A Brooklyn public defender, moonlighting as a comedian, was taken to the notorious Bellevue Hospital psychiatric ward after losing his grasp on reality and suffering a Truman Show-style psychotic break.
Zack McDermott is a guy who watches ESPN, practises yoga, loves his mum and has an intense desire for social justice. This is a guy just like you or me, who was diagnosed with bipolar disorder when a traumatic episode left him suffering intense delusions after which he wound up half-naked on a train platform.
You can watch Zack relive his first ordeal, during which he paraded around New York in the belief he was filming a television show, in the clip below:
[ooyala code=”B4YWx5YzE67_RG0x-nOohlhzQ0IIOj06″ player_id=”5df2ff5a35d24237905833bd032cd5d8″ auto=”true” width=”1280″ height=”720″ autoplay=”true” pcode=”twa2oyOnjiGwU8-cvdRQbrVTiR2l”]
Zack, who grew up in Wichita alongside his schizophrenic Uncle Eddie, told UNILAD:
I stepped out of my apartment in the East Village in Manhattan and I was convinced I was the star of my own reality TV show.
All the passersby on the street were extras in my production. Even the homeless people were a little too attractive and when I looked closely I could tell their facial tattoos were actually professional makeup jobs.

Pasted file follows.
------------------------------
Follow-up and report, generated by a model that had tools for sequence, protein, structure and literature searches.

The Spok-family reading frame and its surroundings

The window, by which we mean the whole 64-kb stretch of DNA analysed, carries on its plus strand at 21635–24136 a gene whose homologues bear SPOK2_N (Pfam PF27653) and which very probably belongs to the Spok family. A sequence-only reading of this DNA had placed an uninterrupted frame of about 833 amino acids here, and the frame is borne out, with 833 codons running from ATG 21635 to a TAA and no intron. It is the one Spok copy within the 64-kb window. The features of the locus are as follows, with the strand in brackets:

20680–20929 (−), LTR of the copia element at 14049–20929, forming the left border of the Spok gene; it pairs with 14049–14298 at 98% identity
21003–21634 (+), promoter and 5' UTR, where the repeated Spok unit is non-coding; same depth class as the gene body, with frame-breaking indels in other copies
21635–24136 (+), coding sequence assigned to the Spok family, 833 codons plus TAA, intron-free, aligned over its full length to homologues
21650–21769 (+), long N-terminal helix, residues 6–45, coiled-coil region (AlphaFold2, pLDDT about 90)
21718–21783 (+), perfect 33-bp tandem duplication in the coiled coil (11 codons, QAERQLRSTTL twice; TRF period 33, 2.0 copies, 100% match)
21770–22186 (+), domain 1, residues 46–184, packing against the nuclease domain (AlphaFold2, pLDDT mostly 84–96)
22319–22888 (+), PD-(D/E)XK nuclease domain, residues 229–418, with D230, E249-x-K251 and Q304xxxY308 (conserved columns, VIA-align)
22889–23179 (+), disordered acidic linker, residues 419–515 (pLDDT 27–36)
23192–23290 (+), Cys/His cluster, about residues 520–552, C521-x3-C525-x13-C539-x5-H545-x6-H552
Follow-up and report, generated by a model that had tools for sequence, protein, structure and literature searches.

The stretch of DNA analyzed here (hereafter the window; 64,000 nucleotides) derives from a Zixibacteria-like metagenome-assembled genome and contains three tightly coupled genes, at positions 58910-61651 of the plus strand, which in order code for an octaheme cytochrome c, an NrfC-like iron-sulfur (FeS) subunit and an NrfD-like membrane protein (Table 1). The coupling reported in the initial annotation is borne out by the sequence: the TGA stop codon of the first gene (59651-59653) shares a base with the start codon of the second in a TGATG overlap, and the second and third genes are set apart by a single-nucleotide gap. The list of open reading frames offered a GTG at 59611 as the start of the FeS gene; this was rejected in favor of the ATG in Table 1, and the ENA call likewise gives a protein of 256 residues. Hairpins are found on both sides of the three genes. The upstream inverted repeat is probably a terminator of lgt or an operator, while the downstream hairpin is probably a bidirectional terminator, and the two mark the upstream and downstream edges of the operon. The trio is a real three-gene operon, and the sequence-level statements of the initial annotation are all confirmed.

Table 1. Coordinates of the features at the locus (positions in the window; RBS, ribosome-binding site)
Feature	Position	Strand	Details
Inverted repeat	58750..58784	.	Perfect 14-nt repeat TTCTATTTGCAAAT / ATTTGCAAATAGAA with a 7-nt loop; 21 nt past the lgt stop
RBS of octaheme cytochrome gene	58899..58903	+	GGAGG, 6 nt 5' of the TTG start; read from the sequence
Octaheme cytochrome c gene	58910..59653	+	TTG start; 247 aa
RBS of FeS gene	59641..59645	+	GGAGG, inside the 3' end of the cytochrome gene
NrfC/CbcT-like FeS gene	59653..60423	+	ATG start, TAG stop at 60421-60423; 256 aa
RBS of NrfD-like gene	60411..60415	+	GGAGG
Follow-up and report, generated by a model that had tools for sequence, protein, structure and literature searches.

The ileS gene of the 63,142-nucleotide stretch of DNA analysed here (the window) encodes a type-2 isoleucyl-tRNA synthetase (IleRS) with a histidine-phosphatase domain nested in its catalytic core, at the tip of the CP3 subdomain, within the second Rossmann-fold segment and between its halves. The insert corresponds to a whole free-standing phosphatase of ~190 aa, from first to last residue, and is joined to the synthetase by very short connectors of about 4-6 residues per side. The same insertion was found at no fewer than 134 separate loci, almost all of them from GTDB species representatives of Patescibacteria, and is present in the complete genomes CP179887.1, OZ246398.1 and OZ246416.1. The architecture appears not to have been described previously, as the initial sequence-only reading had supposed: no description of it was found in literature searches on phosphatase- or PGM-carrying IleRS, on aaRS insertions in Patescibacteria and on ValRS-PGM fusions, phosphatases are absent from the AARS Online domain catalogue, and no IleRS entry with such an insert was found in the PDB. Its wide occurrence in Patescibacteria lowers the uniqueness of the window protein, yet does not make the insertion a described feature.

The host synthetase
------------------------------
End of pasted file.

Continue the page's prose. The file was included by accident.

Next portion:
I wandered through the streets of New York for 12 hours, searching for clues, trying to find the cameras, my next scene partner.
I ran through traffic; I ran across a soccer pitch with my bare buttocks showing; I unilaterally engaged a group of young African-American men standing on a street corner in a rap battle.
Eventually, two NYPD officers stopped me on a subway platform. It was a cold enough evening that I could see my breath but I was barefoot and shirtless, wearing only a pair of soccer shorts. I was crying.
The cops cuffed me ‘for safety purposes’, but I didn’t buy that they were real cops. As far as I was concerned, this was still all part of the show. They didn’t take me to jail but rather to the Bellevue psychiatric ward.
I spent the next 10 days on the locked psych ward and my mom, ‘the Bird’, flew in from Kansas and came to visit me for every minute of every visiting opportunity as my lucidity slowly returned.
The first time I saw her at the hospital, I was so far gone that I was not convinced she was even my mother until she called me ‘Gorilla’, her nickname for me.
Years – and other psychotic breaks – later, McDermott has channelled his creative energies into writing a book about his journey; Gorilla and the Bird: A Memoir of Madness and a Mother’s Love.
He narrates his titular role in his own psychotic breakdown with humour, guidance from his mother’s journals, and a rare firsthand insight into what goes on behind the facade of mental health.
Zack’s candid story helps to break down the walls of the American institutions charged with caring for the other 5.7 million patients diagnosed with Bipolar disorder in the US.
McDermott writes ‘regaining sanity in a mental hospital is like treating a migraine at a rave’, adding:
Patients scream and fight and get injected with antipsychotics. The food is horrible, the sleeping conditions are uncomfortable, and there is no privacy.
My bunkmate regularly masturbated throughout the night. Also, we take cues from each other.
There are very few opportunities to interact with doctors or social workers and we patients are left to try to piece our own realities together with countless nonsensical data points.